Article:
Zirve 2017 Health communication was also a hot topic at the summit. The Health Communication Panel drew attention to the anxiety in society surrounding certain food products that has been created by the media. It was moderated by Prof. Bülent Çaplı, Ph.D., from the Department of Communication and Design at Bilkent University, one of the most experienced academics in this field in Turkey, and Steve Connor, former science editor of The Independent, with examples from the British press. News from the British press, especially in relation to mad cow disease and the horse meat scandal, was examined with the participants, and Connor emphasized that the media should cooperate with scientists so that people can be informed accurately and responsibly regarding the safety and nutritional value of food. Ziyneti Kocabıyık, Secretary General and Health Editor of the Education and Health Reporters' Association, pointed out that nutrition is a year-round topic for the media. Kocabıyık mentioned that in the first nine months of 2015, more than 256,000 health-related news articles were published, according to data obtained through the scanning of more than 2,000 newspapers and magazines. She explained that the number of articles on nutrition is number one among these, and that articles on nutrition, obesity, and dieting outnumbered articles on even cancer, the disease of our age. Kocabıyık stated that the Turkish media covers articles on nutrition without using references, and she gave important information about attributing sources for journalists.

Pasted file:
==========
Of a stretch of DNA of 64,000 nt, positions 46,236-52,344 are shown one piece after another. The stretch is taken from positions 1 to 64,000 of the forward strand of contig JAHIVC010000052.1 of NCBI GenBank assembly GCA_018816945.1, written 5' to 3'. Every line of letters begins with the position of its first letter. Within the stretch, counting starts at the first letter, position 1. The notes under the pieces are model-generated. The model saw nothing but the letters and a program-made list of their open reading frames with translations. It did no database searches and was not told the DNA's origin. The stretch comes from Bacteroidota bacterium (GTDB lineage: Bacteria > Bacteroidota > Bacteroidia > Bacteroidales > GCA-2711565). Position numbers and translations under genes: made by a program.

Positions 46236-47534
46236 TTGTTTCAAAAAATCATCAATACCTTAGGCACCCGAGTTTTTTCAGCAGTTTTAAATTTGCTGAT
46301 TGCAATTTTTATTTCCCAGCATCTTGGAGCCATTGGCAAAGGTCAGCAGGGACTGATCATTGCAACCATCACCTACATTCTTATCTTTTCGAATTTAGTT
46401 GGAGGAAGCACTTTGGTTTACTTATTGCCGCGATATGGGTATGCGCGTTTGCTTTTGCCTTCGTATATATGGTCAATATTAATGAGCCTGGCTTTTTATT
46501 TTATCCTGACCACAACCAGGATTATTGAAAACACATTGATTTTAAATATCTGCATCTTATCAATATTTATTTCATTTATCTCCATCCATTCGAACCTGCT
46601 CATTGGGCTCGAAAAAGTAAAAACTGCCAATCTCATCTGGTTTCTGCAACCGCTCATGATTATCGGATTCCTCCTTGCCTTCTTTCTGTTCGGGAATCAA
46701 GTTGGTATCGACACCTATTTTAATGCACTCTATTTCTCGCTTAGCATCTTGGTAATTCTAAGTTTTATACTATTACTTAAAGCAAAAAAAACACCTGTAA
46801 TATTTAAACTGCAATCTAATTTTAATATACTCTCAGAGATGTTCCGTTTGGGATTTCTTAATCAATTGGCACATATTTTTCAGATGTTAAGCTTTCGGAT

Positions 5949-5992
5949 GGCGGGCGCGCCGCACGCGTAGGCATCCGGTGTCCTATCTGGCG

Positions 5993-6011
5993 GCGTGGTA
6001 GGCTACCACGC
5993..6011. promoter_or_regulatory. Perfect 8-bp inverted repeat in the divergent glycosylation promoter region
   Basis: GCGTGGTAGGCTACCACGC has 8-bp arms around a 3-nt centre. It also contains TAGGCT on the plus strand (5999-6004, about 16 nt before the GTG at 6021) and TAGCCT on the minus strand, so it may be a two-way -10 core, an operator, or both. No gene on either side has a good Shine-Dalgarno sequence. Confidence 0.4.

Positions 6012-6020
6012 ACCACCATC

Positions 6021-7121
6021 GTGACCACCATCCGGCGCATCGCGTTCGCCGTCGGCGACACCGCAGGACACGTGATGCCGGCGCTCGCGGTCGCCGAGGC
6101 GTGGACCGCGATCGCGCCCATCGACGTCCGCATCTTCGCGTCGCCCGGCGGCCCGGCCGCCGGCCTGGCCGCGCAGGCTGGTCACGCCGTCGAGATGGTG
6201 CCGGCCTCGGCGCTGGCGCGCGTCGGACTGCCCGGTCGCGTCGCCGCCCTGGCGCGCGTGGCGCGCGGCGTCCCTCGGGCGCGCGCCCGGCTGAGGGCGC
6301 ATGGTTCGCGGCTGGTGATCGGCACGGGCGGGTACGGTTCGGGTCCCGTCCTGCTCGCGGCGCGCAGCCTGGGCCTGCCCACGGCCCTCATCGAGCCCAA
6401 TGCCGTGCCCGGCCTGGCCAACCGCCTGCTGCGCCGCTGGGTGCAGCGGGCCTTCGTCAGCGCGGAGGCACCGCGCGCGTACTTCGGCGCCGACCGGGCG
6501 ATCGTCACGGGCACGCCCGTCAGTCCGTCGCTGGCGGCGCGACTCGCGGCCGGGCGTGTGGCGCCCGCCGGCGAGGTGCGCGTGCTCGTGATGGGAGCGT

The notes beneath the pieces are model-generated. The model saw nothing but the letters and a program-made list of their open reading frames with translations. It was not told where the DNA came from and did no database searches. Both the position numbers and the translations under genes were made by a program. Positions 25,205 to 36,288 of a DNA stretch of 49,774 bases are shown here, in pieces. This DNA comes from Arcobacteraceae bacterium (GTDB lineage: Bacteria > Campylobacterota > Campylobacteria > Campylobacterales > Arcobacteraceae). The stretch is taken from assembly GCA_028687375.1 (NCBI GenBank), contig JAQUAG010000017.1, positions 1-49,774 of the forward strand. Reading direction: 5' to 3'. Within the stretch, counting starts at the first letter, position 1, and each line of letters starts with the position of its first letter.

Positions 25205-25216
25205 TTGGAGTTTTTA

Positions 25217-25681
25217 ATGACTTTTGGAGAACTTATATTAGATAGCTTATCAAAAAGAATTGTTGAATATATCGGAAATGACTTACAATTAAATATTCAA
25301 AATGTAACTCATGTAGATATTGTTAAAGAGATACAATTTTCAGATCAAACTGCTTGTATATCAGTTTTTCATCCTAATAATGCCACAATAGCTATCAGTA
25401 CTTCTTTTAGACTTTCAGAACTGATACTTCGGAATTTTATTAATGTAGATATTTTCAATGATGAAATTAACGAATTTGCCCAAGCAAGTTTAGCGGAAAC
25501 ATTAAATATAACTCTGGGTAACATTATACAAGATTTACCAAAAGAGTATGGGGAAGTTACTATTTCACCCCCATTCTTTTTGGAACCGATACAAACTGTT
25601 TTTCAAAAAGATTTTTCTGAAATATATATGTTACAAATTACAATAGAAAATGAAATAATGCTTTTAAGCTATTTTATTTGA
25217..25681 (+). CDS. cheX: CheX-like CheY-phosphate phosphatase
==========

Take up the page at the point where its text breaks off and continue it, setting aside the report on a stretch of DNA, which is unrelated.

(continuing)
The 4th Sabri Ülker Science Award presented

Zirve 2017 At the summit, the fourth Sabri Ülker Science Award was presented. The award is organized by the Sabri Ülker Foundation to support nutrition, research, and education programs and other similar initiatives. As in the year before, the Sabri Ülker Science Award generated immense interest. A number of domestic and international applications competed for the award, themed “Nutrition, Metabolism, and Public Health.” This year's winner was Asst. Prof. Ebru Erbay, M.D., from the Department of Molecular Biology and Genetics at Bilkent University, for her research titled “Bioactive Lipids for Health.” Dr. Erbay received her award from Oltan Sungurlu, the Sabri Ülker Foundation’s Honorary Chairman; Zeki Ziya Sözen, Ph.D., a Sabri Ülker Foundation Science Committee Member; and Mark Elliott, Vice Provost of International Affairs at Harvard University.